He starts by reminding us of the facts- 1046 congregations affiliated with the UUA, “about 162,000 adults and 54,000 children and youth within our congregations. Sometimes we pride ourselves on how small but mighty we are and how much relative impact we seem to have.
Let’s face it whatever real and significant impact we make as congregations and as individuals is influenced by our relative small size as a religious organization even though, I know, I know- –we cast long shadows!
We might boost our confidence for just a moment when we recall that independent polls such as that conducted by the Religious Identification Survey 2001 found that 629,000 U.S. adults when asked an open-ended question about their own religious identity think of themselves as Unitarian Universalists.
Enjoy that moment that we might say to ourselves “Wow there are a lot of Unitarian Universalists!” Then, let’s come back to planet Earth and also say, “Wow, only a very small portion of those who consider themselves Unitarian Universalists actually join a UU congregation.” With curiosity and not with judgment we might ask ourselves, “What’s that about?”
Before any of you are struck by an overwhelming fervor of evangelism let me tell you that the average approximate seating capacity in our Unitarian Universalist congregation where the largest worship service is held is 188 seats. Unitarian Universalists in our congregations are most likely to be of European descent, college educated, and over age 60. So, even if the 629,000 adults who identify as Unitarian Universalists wanted to not all would find a congregation to go to, or a seat in one of our congregations, or people whose life stage or experiences connect with their own…
We must stop, he cautions, as my good friend Victoria Weinstein says, being enamored by our “terminal uniqueness.”
He concludes, referring to this year being the 50th Anniversary of the merger between the Unitarians and the Universalists, “I believe that as we stand at this holy threshold of this 50-year mark, we are called to fashion a faith that cannot just be sustainable as an organization, but must also sustain the human soul as a faith in the promising and in the uncertain times ahead.”
Our membership chair extraordinaire, Sharon Waite, who has been working diligently for growth, and I were talking about the orientation and two pages that I had included in our packet that she was wondering about. They were from the congregational survey from 2006, before I came here to be your minister, and contained the usual agenda, I call it, “what do we believe and why do we come here?”
One of the other Minns lecturers was Rev. Christine Robinson, minister of the large Albuquerque church which has actually spun off some off-site churches. She said the 20th century mantra was “UU’s are free to believe whatever we want to and most of us don’t.” If we want to survive, even thrive, in the 21st century, we need to change that to “UUs worship and grow in spirit in religiously diverse congregations.”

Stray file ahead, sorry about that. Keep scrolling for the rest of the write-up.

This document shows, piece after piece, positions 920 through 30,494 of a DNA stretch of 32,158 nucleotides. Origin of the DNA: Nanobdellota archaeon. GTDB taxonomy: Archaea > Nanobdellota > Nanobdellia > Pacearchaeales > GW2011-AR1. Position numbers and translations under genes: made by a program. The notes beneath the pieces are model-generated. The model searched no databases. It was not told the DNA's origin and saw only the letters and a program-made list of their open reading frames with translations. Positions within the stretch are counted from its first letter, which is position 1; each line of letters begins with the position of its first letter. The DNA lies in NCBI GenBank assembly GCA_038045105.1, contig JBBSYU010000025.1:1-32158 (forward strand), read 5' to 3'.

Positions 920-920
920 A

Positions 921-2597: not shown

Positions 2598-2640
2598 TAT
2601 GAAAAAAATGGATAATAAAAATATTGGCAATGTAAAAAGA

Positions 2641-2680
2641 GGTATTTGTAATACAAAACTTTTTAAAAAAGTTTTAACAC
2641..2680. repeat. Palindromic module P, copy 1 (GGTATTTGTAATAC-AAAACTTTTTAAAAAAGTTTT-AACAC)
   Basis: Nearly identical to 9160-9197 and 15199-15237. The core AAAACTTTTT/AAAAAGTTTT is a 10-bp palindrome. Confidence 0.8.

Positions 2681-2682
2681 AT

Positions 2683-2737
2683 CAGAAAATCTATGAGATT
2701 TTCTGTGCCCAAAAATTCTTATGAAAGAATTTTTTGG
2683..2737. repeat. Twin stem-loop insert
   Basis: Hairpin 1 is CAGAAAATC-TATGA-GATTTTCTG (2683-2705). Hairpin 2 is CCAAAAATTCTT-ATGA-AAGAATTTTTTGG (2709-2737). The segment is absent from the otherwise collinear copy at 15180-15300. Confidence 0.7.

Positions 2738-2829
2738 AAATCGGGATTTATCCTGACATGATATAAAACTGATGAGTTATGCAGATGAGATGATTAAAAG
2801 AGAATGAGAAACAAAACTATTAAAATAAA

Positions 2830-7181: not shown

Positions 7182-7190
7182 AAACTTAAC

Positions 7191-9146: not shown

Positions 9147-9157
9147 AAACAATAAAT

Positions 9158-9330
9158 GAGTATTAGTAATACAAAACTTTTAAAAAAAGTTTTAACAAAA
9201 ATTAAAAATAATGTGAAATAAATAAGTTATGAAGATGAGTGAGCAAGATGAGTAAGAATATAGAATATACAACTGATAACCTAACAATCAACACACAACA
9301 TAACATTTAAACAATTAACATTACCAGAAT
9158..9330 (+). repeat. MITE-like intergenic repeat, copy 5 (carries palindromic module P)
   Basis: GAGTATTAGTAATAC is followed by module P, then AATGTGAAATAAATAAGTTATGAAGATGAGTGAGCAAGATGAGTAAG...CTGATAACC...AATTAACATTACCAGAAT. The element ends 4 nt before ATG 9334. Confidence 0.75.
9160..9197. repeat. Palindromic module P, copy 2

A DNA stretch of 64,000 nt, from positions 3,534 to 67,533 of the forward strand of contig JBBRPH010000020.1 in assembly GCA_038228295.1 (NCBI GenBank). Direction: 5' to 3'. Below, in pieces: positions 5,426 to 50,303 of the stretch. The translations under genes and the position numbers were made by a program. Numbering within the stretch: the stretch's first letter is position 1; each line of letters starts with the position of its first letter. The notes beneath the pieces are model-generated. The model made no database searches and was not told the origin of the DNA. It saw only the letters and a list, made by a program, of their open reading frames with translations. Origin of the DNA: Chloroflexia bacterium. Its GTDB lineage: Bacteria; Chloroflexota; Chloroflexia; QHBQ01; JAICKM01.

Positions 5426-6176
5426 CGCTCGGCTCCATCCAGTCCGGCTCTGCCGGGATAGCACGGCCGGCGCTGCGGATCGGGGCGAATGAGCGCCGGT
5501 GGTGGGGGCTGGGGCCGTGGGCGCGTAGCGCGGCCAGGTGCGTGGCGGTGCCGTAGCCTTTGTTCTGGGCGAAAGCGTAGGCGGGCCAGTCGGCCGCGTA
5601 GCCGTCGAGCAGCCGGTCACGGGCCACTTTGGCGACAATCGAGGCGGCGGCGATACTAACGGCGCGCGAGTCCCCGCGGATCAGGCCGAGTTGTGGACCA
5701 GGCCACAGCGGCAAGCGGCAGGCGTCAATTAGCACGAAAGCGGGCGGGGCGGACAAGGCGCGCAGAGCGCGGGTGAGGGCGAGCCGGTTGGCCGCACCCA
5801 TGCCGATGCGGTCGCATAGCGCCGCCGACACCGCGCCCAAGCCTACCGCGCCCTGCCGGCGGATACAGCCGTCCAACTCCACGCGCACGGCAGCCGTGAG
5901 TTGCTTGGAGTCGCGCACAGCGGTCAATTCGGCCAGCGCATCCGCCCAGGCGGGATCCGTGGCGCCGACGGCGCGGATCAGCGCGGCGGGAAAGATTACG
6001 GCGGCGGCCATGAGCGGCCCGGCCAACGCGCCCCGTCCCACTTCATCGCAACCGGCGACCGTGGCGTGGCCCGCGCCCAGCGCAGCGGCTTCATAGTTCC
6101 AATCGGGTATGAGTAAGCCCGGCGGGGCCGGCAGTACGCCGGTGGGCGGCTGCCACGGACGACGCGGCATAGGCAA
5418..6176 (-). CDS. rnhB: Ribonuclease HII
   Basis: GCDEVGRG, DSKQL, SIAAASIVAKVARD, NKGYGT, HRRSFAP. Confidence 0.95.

When Sharon and I looked at the list of possible beliefs, the spiritual smorgasbord, if you will, and the fact, (and this still amazes me for our oh so logical UU folk), that you can choose two or three beliefs, even if they seem to be mutually excluding! I will argue that most of us not only don’t know how to theologically pigeonhole ourselves, we don’t care about theology! We don’t come to church because we’re nature centered, theist, Buddhists; we come because we are called to come, called by the spirit of life, God, the Holy, The good, names fail us here and rightly so, because names are not important, nor is theology, if it is used to divide rather than multiply!
Even the reasons that we choose out of limited responses, tend to be the old faithful, if you’ll pardon that pun, intellectual stimulation! What we are after is stimulation all right, but we want our whole selves to be stimulated, our deepest needs to be shared with others we can love and trust; we come to be challenged to be better humans and to help the world be a better place for us having lived in it. And we come for many more reasons, many of which are personal to us.
I’ll have to admit, that I wanted to argue that we should keep those pages in so newcomers could see all the different faith-stances until I realized that probably most people would answer differently if asked today, and further, that those surveys didn’t give me a true idea of the predominant beliefs of the congregation, because you didn’t know how to adequately express your beliefs, because the beliefs were not the reason you came to this beloved community, nor why so many of you give time, love, and money, because you deeply care about the community that is created when you are here! And your heart suffers when you are not!
Marylyn Sewell Minister Emeritus at the Portland Oregon church of over a thousand members and taking up an entire city block, another of the Minns Lecturers told story and perhaps it will resonate with you:
“Unitarian Universalism saved my life, so I owe quite a personal debt to our faith. Like so many of us who discover this religion, I was in crisis. It was the 70s when women were finding themselves and losing their husbands. I was one of them. I was in Lexington, KY, recently separated from my husband, and I was surprised to find that the Baptist church, where we had been attending, no longer wanted my services as a teacher for their young people? I was a sinner, you see. So there I was in my therapist’s office, in tears, bemoaning the fact that I had lost not only my husband, but also my whole social structure. What was I to do? She answered, “Why don’t you go over to the Unitarian Universalist church? There are a lot of divorced people over there.” And so I dared to venture out, frightened and insecure. I didn’t go to the Sunday service, but to Friday night volley ball. It was a popular event, and I sat there on the sidelines through several games, while others rushed in to take their places, not noticing me. Then someone “a Black man” looked down at me and said, “Don’t you want to play?” “Yes,” I said, and he reached down and pulled me up into the game. His name was Titus, and he was from Africa, doing graduate work at the University of Kentucky. I had never been in a church where there were Black people. And so this Southern woman, who grew up in a small town in Louisiana in the 40s and 50s, was pulled into new life by a Black man. It was a moment I have never forgotten.”